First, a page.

Have you ever had a young dream settle behind you like dust on a country road? Often the dream never surfaces as reality takes precedence over making a living and paying the bills. For one Texan a job transfer stirred up a dusty dream.
1934 – 2006
Don Walser was born in Brownfield, Texas and grew up playing country western music and formed his own small band at age sixteen. He even opened for Buddy Holly later. While rock and roll was taking off, he choose to stay in the Texas Panhandle to raise a family instead of going to Nashville to pursue a career in music. He worked as a mechanic and then as an auditor for the National Guard while he continued to play his music locally with a band he had formed. A job transfer by the National Guard to Austin, Texas in 1984 brought his dreams closer
With Austin as a substitute for Nashville, Walser continued with his music in a city known for its progressive country style of music and for showcasing new talent. Ten years later at the age of sixty he retired from the National Guard and devoted his time to his real passion.
A recording contract soon came his way and he gained a wider audience. Walser played and sang mainly the old country and western songs and could yodel like the best of the old-timers. Surprisingly, he recorded with the Kronos Quartet; his rendition of “Rose Marie” with them is incredible. A reviewer in Playboy dubbed him “the Pavarotti of the Plains.” Many awards came to him and his Pure Texas Band; his music was featured in several movies. He played at the Grand Ole Opry and the Kennedy Center for Performing Arts. His last video was “Hot Rod Mercury.”
In 2003 he retired from performing due to health issues. He died in 2006 of complications from diabetes.
Check out his magnificent version of “Danny Boy.” Is your dream dusty?
Point Cabrillo Light Station
Perhaps because I live on the coast I enjoy visiting lighthouses. On a trip to northern California last fall we visited Point Cabrillo Light Station near Fort Bragg. Today it is a state park. The grounds contain a restored lighthouse keeper’s home and several guest houses set back a bit from the lighthouse itself. Nature trails allow visitors to experience the natural beauty of the rugged Pacific coastline in safety.
The website describes its history this way:
“Although Point Cabrillo was surveyed by the U. S. Lighthouse Service in 1873, construction of the Light Station didn’t begin until after the 1906 earthquake. The demand for lumber to rebuild San Francisco meant that maritime commerce on the north coast was at an all time high and a Lighthouse was critical to the safety of the ships and their valuable cargo. Construction of the Light Station began in 1908, and the lens was illuminated for the first time on June 10,1909, under head keeper Wilhelm Baumgartner.”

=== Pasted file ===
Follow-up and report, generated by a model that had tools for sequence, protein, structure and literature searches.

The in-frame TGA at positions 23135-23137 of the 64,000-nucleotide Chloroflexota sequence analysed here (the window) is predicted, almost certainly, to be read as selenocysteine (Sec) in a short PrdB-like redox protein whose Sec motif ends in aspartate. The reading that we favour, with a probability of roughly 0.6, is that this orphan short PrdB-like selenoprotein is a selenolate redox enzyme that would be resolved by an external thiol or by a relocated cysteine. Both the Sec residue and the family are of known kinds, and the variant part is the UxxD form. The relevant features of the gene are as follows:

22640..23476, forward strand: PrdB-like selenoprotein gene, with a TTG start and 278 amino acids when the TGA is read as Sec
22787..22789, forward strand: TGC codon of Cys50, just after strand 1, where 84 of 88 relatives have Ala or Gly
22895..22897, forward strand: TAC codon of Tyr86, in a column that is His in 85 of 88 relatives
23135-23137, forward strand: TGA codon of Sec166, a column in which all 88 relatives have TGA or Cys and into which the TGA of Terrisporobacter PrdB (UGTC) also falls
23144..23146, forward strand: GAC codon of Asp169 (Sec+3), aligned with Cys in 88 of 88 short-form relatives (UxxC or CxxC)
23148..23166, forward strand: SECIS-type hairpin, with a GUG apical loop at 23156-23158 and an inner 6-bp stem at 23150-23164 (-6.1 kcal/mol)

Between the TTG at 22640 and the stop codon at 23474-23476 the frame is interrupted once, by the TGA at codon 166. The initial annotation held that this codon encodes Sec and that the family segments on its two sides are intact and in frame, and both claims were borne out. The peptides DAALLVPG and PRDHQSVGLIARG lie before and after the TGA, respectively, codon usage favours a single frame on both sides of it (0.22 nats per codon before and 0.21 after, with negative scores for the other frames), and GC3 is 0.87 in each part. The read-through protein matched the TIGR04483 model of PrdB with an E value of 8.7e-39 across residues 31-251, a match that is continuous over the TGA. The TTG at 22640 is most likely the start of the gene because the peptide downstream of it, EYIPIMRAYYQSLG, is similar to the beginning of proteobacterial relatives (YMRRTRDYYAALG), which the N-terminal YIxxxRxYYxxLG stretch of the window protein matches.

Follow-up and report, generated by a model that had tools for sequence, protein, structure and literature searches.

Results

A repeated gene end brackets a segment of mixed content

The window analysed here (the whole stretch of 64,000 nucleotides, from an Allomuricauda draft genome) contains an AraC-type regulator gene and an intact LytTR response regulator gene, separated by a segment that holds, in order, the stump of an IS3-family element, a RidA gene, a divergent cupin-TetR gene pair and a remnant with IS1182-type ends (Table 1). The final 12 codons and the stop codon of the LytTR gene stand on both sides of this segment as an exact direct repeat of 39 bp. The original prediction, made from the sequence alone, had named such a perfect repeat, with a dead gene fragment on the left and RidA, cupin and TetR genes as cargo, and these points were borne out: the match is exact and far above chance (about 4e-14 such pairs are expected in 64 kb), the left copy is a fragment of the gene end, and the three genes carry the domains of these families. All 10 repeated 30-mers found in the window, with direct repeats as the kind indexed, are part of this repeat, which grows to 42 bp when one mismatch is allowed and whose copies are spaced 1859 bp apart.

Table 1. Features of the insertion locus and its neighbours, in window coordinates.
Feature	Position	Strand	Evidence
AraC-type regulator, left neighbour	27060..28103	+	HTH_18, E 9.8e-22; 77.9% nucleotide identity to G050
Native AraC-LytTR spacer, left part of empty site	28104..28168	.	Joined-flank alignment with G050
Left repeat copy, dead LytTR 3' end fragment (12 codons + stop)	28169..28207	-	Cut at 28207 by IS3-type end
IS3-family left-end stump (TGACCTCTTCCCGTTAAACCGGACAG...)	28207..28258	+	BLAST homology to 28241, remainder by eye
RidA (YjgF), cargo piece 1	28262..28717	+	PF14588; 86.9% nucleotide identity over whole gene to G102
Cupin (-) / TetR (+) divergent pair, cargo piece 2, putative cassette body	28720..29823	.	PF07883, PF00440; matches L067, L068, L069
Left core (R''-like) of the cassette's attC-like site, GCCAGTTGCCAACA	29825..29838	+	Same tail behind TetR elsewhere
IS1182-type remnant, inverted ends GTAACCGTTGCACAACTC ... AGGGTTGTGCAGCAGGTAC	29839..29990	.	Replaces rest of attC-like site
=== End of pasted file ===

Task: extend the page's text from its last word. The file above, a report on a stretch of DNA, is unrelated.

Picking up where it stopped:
Our visit was at late afternoon. Near the lighthouse keeper’s home a large white tent was set up in preparation for a wedding. The tent had a wooden floor and tables laden with white flowers. In front a bar had been set up so that guests could take a drink with them as they strolled down to where the ceremony was to be held near the edge of the bluff . White chairs were lined up for the guests. A cello and violin duo would provide the music. The setting sun would make a dramatic background for the nuptials. This was a wedding California-style.
As we were walking away from our tour of the lighthouse, a couple from the wedding party approached us. The man asked Husband if he would take a photo of them. As Husband took the camera the couple moved closer together and tilted their wine glasses in classic style. The late sun and old lighthouse made a unique backdrop for this striking couple. He was tall, trim and dark in his black pin-striped double-vested suit and cowboy boots. Her long blonde hair fell just right as did her short draped skirt that was accented casually with a wide silver belt; cowboy boots completed the polished western look. Think J. R. and Sue Ellen Ewing. They might be from Texas, I thought.
Husband returned the camera and the man expressed his thanks. In my best Texas tourist accent I said, “Where are you all from?”
“New York,” he replied with a smile as they walked away with the California sun highlighting their wine.
Coastline behind the Point Cabrillo Light Station
D. H. Lawrence (from Wikipedia)
“I got the blues thinking of the future, so I left off and made some marmalade.
It’s amazing how it cheers one up to shred oranges and scrub the floor.”
It is hard to imagine the author of “Lady Chatterley’s Lover” cutting up oranges or scrubbing a floor, but I do agree that getting busy at something – any mindless task – gets the mind off of one’s troubles.
What do you do when you get the blues?
Photo by Husband
I enjoy posts that feature recipes and provide step by step photos of the process. I never thought I would include a recipe in one of my posts, but just for fun I decided to share this one to celebrate Independence Day. Last July 4 one of my neighbors brought a sample over in a lovely bag decorated in red, white and blue. They are great by themselves or with a little cheese. Warning! They are addictive if you like it hot!
TEXAS FIRE CRACKERS
3/4 cup olive oil
1/2 teaspoon garlic powder
1/2 teaspoon black pepper
1 (1 oz.) envelope ranch dressing mix
1 1/2 tablespoons crushed red pepper flakes (more or less to taste)
1/2 (16.5 oz.) package multigrain saltine crackers
Put the olive oil, garlic powder, black pepper, ranch dressing mix and crushed red pepper in a 1-gallon plastic zip lock bag. Seal and shake and smooth to mix olive oil and dry ingredients. Place crackers in bag and seal. Gently turn the bag over to cover the crackers with mix and let sit for about an hour. Repeat several times until crackers are well-coated. Allow to sit overnight. Remove crackers and enjoy.
Have a safe 4th of July celebration!